An interview with Giff

Read more about Dragonflies and Damselflies of Georgia and the Southeast

Q: You’re a pilot with Delta Airlines. Most people with a career like that barely have time for a hobby. You’ve written two birding books, compiled two annotated checklists for birds in Georgia, and have been active giving birding talks for years. How did you become so involved in bird watching?

A: I was a really hardcore fisherman as a kid, so much so that I couldn’t find any other kids willing to fish all day like I wanted. As a result, I fished with several equally keen adults, and one of them happened to be a great naturalist. He showed me some of the different kinds of birds and animal life out there and got me interested in seeing and identifying different groups. From there it just snowballed, along with my interest in photography. This interest in learning about new creatures, and identifying them, has become one of my life’s great passions. Getting interested in this type of work could be viewed as either a blessing or a curse, because you can never get past the tip of the “nature” iceberg, but I prefer to see it as a blessing. The books have happened for various reasons, but I have always tried to share what I have learned with others, if they are interested.

Q: What was it about birds that originally intrigued you?

A: Mostly their diversity and great natural beauty, along with the challenge of trying to find and identify different kinds.

Q: Can you tell us how and when you became interested in seriously watching and identifying dragonflies and damselflies? Is odonate watching becoming more and more common with birders?

A: As I became more and more interested in photography and watching birds, I started noticing other animals, like insects. As happened with birds, I started realizing how many different kinds there were. Then it became a great adventure to try to learn more about them and to try to find and photograph the different species. When I started getting interested in odonates, there were very few books to help with field identification, and of course no internet yet, so I had to dig up what few books there were. I was also fortunate to meet several very experienced dragonfly biologists and specialists, and they were crucial to learning more about this wonderful group of insects. My first photos of odonates were back in 1991, and I started trying to learn more about them around 1993, actively seeking out different habitats at different times of the year. I do think odonate watching is becoming more and more popular among birdwatchers and backyard nature enthusiasts.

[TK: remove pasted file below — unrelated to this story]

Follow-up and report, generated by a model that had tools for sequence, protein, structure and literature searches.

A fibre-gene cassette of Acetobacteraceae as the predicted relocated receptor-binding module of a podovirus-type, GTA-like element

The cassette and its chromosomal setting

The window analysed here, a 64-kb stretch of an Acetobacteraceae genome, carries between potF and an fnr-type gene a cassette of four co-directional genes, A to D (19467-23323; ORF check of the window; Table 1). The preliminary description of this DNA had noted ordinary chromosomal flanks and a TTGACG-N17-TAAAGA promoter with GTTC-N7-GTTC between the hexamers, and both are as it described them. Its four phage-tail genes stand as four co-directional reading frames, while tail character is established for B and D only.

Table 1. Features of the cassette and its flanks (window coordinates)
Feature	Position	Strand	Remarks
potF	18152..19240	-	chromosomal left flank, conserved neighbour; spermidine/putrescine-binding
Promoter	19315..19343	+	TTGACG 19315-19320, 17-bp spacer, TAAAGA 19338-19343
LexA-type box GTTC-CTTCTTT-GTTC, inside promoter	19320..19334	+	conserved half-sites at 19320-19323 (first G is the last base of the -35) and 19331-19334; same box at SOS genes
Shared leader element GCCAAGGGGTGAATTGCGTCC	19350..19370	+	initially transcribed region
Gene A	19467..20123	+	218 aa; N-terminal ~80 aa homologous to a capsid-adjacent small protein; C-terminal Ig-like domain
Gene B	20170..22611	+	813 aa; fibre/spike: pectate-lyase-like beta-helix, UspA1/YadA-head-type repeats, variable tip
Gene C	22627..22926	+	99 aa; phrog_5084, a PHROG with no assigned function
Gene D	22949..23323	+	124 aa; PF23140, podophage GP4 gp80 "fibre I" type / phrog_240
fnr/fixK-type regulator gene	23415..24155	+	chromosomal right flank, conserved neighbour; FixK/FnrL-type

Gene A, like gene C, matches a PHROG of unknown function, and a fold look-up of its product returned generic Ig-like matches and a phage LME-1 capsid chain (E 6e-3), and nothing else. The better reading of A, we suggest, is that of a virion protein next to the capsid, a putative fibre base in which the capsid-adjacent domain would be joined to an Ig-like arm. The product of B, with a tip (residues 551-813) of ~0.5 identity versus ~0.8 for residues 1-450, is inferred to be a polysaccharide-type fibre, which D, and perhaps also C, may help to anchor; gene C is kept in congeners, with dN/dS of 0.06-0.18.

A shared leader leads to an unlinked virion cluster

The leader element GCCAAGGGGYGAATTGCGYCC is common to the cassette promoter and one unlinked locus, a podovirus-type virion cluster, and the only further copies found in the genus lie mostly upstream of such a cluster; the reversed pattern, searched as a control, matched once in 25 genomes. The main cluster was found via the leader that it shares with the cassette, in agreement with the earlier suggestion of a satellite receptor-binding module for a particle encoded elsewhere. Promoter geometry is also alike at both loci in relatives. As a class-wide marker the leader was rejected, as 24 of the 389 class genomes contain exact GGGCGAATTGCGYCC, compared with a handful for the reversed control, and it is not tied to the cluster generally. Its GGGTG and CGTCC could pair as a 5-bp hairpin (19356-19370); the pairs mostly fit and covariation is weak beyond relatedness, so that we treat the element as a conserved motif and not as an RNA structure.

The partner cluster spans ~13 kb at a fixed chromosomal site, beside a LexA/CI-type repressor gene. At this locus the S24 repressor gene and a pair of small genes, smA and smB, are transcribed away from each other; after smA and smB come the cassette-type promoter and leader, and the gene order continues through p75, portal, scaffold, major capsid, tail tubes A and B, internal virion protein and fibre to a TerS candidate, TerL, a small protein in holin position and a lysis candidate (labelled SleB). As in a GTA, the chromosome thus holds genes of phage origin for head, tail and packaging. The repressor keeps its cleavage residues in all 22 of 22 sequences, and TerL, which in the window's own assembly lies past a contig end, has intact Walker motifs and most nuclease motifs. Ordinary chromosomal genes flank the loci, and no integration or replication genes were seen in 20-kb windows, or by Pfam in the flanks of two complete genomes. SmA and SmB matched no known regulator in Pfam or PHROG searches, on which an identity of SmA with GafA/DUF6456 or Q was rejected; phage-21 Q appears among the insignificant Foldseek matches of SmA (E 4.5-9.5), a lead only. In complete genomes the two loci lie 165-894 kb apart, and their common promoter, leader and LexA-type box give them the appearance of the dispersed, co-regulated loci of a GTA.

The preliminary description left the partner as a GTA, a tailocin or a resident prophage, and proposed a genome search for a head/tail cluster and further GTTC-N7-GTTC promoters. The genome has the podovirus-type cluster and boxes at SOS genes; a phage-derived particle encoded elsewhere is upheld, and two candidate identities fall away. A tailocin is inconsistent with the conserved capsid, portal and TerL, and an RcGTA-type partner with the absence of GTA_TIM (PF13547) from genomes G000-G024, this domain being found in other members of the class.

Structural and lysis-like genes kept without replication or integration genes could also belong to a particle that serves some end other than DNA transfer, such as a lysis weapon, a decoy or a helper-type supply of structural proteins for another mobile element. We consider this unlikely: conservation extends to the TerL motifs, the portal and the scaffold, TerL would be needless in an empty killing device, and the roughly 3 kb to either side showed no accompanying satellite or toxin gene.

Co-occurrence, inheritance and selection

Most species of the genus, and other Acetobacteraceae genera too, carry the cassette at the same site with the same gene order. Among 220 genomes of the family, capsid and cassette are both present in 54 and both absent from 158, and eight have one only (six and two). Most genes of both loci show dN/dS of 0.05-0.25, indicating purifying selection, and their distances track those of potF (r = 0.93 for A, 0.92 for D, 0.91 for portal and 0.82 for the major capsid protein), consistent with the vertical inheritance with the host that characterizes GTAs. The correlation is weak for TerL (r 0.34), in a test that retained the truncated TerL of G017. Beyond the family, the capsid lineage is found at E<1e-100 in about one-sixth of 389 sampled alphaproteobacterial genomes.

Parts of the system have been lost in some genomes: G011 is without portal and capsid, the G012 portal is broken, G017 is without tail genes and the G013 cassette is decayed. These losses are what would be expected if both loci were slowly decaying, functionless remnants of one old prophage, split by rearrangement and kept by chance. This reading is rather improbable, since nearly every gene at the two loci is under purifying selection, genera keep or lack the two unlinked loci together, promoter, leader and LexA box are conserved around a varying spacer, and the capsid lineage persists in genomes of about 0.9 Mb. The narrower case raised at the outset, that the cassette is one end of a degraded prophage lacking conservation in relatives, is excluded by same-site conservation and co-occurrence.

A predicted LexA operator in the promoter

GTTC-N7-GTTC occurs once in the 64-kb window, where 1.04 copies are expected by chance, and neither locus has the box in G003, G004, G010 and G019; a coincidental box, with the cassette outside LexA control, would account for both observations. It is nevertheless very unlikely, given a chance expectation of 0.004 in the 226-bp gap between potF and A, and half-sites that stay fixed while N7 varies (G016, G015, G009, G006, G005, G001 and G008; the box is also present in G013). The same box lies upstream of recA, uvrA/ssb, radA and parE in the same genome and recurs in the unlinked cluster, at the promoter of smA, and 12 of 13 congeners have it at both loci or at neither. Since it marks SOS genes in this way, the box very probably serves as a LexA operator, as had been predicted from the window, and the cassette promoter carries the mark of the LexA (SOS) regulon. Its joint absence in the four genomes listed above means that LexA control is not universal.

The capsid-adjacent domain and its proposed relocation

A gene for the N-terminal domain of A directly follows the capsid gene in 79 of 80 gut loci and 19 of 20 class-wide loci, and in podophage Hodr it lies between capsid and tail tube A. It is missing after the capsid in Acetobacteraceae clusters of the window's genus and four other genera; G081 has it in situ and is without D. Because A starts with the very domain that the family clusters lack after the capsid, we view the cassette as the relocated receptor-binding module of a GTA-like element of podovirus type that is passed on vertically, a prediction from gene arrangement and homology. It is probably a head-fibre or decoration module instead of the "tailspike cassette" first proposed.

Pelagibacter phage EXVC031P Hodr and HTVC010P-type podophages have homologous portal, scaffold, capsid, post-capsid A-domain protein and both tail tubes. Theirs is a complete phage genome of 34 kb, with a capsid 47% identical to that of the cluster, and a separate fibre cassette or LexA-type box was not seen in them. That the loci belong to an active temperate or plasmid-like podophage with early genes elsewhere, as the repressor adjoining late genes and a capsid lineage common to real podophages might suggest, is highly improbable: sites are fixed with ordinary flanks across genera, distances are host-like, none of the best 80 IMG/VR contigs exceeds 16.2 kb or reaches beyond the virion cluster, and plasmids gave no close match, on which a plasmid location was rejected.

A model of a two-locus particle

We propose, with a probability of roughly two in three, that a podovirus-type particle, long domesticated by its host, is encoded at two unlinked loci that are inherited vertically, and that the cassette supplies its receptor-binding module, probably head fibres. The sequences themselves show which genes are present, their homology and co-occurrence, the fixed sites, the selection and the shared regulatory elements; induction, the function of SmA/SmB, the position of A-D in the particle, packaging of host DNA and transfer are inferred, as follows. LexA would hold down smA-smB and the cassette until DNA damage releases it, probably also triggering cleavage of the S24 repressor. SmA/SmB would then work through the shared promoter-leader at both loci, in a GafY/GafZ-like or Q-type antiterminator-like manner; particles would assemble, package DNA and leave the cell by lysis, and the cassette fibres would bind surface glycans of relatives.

Q: Are there other insects or animals that are commonly viewed by birders?

A: I think many birders are becoming more interested in many other “watchable” groups, like butterflies or moths and their caterpillars, odonates, and other showy or obvious groups of insects. Of course, wildflowers are another very popular part of nature for birders.

Q: What are some of the most common misconceptions about odonates that you’ve encountered?

A: Probably the biggest one is that they can sting you, which they cannot since they have no stinger. Most people know that the old wives tale of dragonflies sewing animals eyes shut is just that—an old wives tale.

Q: Can you mention a few of the more interesting facts about odonates that people will find in this book?

A: Well, there are tons of interesting facts about these amazing insects! They are capable of very fast flight speed, can carry huge amounts of weight relative to their own size, and have amazing vision. During the lectures that I give on this group, their unique and fascinating mating habits are always one of the things that people want to discuss the most.

Q: The photos in this book are amazing. How did you get these wonderful shots? What kind of equipment and techniques do you use?

A: Thank you! A lot of effort went into getting the shots used in this book. In fact, for the last several years I have made a list each winter of the species I needed to target that season. For odonate shots in general, the trick is to get a decent camera with a macro capability, either with macro lenses on a full size 35mm SLR camera, or a point-and-shoot with that ability. Once you find a worthy subject, the technique is to slowly sneak up on the insect, and just keep shooting until you get the shot or it flies off and you get to start over. Some species are very rare or local or both, and these species were the most difficult—you have to find a good section of their habitat, and then make sure you are there during the exact right time of year. This is not always easy as some have pretty short flight seasons.